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August 13, 2015

Global Post Omits Key Facts While ‘Interviewing’ Iran’s Jews

USA Today featured reporting by Peabody award-winning reporter and GlobalPost special correspondent Reese Erlich (“Iran’s Jewish community gets behind nuclear deal with U.S.,” August 7, 2015) that omitted key details on the treatment of Jews in the Islamic Republic of Iran. By uncritically relaying comments of a people under surveillance and failing to fully note the threats they face, the article misleads readers.

Interviewing Jews in Tehran, Erlich asserts that “most Iranian Jews strongly disagree with Israeli Prime Minister Benjamin Netanyahu” over his objections to the agreement between the United States, Germany, Russia, France, China, the United Kingdom and Iran over the latter’s purported nuclear program. The reporter bases his claims on responses from individuals in the “city’s small Jewish community” he interviewed.

But, why is Iran’s Jewish community now so “small”?

Erlich briefly mentions that “over 100,000 Jews lived in Iran prior to the 1979 revolution, but many left right afterward”—leaving a population of only 12,000 to 30,000. Not only does he fail to account for the discrepant estimates of the current Jewish population, he fails to elaborate why so many Jews fled—in some instances perilously over mountains and desert—and why those who remain might be reluctant to publicly identify themselves as “Zionists.”

After taking power in 1979 and ushering in the Islamic Revolution, some wealthy Iranian-Jews found themselves put on show trials. The first private citizen to be executed by tribunal was Habib Elghanian, an Iranian Jew who stood accused of “economic imperialism” and contacts “with Israel and Zionism.” As Moment Magazine noted, “his real crime was that he had failed to follow established custom for Jews and maintain a low profile.” (“How Jew-Friendly Persia Became Anti-Semetic Iran,” Nov. 2006)

This relevant background may have something to do with why Iranian Jews stressed to Erlich that they “consider themselves Jews but not Zionists.” Not only does Erlich fail to provide context, he also uncritically notes the comments of an Iranian Jew who tells him, “There (is) no need for guards in front of our synagogues.” This omits that one possible reason is the iron fist of the regime, which suppresses all sectors of society and uses controlled violence for its own ends. The brutal suppression of peaceful protests in 2009 over the disputed re-election of President Mahmoud Ahmadinejad is perhaps the most conspicuous example of Iran’s enforced police state conformity.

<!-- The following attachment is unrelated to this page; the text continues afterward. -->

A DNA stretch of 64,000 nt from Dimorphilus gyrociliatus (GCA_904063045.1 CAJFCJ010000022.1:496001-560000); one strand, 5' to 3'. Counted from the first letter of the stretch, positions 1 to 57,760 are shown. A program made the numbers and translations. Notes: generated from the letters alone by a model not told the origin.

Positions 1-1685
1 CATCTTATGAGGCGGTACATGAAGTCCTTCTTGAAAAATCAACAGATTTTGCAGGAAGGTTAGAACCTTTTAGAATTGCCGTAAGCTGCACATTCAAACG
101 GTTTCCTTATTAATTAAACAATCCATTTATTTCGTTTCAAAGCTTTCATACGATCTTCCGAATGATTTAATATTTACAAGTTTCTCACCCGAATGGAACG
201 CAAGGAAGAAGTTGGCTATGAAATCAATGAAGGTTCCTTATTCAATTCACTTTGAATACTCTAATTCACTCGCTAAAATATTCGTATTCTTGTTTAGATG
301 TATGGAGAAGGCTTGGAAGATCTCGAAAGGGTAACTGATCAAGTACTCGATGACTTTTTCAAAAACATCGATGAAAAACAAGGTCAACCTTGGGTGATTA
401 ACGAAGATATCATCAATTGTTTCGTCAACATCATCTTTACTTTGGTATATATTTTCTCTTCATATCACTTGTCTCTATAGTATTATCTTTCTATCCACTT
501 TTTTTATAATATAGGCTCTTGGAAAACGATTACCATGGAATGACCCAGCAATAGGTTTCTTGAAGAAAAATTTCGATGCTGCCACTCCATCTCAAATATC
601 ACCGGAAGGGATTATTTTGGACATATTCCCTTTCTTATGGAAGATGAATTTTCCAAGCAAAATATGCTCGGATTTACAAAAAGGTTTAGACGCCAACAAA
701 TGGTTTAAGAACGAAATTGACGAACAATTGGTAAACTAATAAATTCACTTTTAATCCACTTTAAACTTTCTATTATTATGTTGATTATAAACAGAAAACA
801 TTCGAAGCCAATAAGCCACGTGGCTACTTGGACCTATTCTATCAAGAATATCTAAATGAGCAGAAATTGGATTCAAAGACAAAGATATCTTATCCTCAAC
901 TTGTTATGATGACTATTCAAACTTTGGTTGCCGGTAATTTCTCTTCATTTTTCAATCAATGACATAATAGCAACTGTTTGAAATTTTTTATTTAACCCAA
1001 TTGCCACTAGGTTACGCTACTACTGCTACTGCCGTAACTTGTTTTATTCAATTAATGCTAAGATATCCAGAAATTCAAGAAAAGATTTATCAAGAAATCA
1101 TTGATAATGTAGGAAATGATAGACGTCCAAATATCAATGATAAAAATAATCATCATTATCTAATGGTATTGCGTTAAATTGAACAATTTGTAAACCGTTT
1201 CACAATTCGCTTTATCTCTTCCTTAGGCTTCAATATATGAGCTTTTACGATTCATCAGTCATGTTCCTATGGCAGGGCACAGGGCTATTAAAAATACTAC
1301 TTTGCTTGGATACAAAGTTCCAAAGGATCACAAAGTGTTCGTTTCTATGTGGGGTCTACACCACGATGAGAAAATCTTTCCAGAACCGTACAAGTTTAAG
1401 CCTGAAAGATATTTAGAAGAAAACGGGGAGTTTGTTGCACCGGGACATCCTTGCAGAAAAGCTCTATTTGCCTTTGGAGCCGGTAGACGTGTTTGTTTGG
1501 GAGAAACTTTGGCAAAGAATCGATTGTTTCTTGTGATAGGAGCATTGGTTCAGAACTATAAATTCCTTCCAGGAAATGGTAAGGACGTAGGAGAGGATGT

In other words, a reporter was granted access to the dwindling members of a Jewish community suppressed since the 1979 Islamic Revolution that brought the mullahs to power and—not surprisingly—they stated publically that they support the nuclear deal and that conditions in their community are just fine. One can imagine—in a country that persecuted other minorities, the baha’i’s for example—what would have happened to Jews quoted by Global Post/USA Today if they expressed anything but support for the theocratic government.

The annals of journalism record other instances of reporters failing to appreciate the nature of the leaders and regimes they covered. Dispatches from The Nation journalist Lincoln Steffens in 1919 infamously lauded the “imagination” of dictator Vladimir Lenin and were filled with testimonies from people throughout Russia supporting the newly-created Soviet Union and what was a rapidly decreasing crime rate —while failing to note the brutal means used to stabilize and support the regime

Outlet—i.e. Kansas City Star journalist Edgar Snow—whose exclusive access during China’s civil war in the 1930’s to Chinese Communists and their leader Mao Zedong, but not the opposing Chinese Nationalists whom he privately disdained—led the reporter to look past despotic tendencies already in evidence. Instead he wrote approvingly of future mass murderer Mao and his Communists as “agrarian reformers” who sought peace.

Similarly, New York Times reporter Herbert Matthews—labeled by biographer Anthony DePalma as “the man who invented Fidel”—was granted access to rebel and future Cuban dictator Fidel Castro. Matthews claimed in 1959 that the future Communist leader was “not only not a Communist, he is decidedly anti-Communist.”

Perhaps most infamously, exclusive access to another of the twentieth centuries largest mass murderers—Soviet dictator Josef Stalin—led to New York Times reporter Walter Duranty becoming an apologist both for Stalin’s show trials against regime opponents and his forced starvation of Ukrainian peasants.

Erlich—who previously wrote an article with actor and counterculture iconoclast Peter Coyote referring to the terrorist-supporting regime of Syrian dictator Bashar al Assad as a possible “ally”—would have better served Global Post and USA Today readers by disclosing in greater detail the history of Iranian Jews under the mullahs. Had he provided more context—instead of transcribing statements uncritically—readers would have been much better informed.—Sean Durns

Posted by ER at August 13, 2015 03:07 PM

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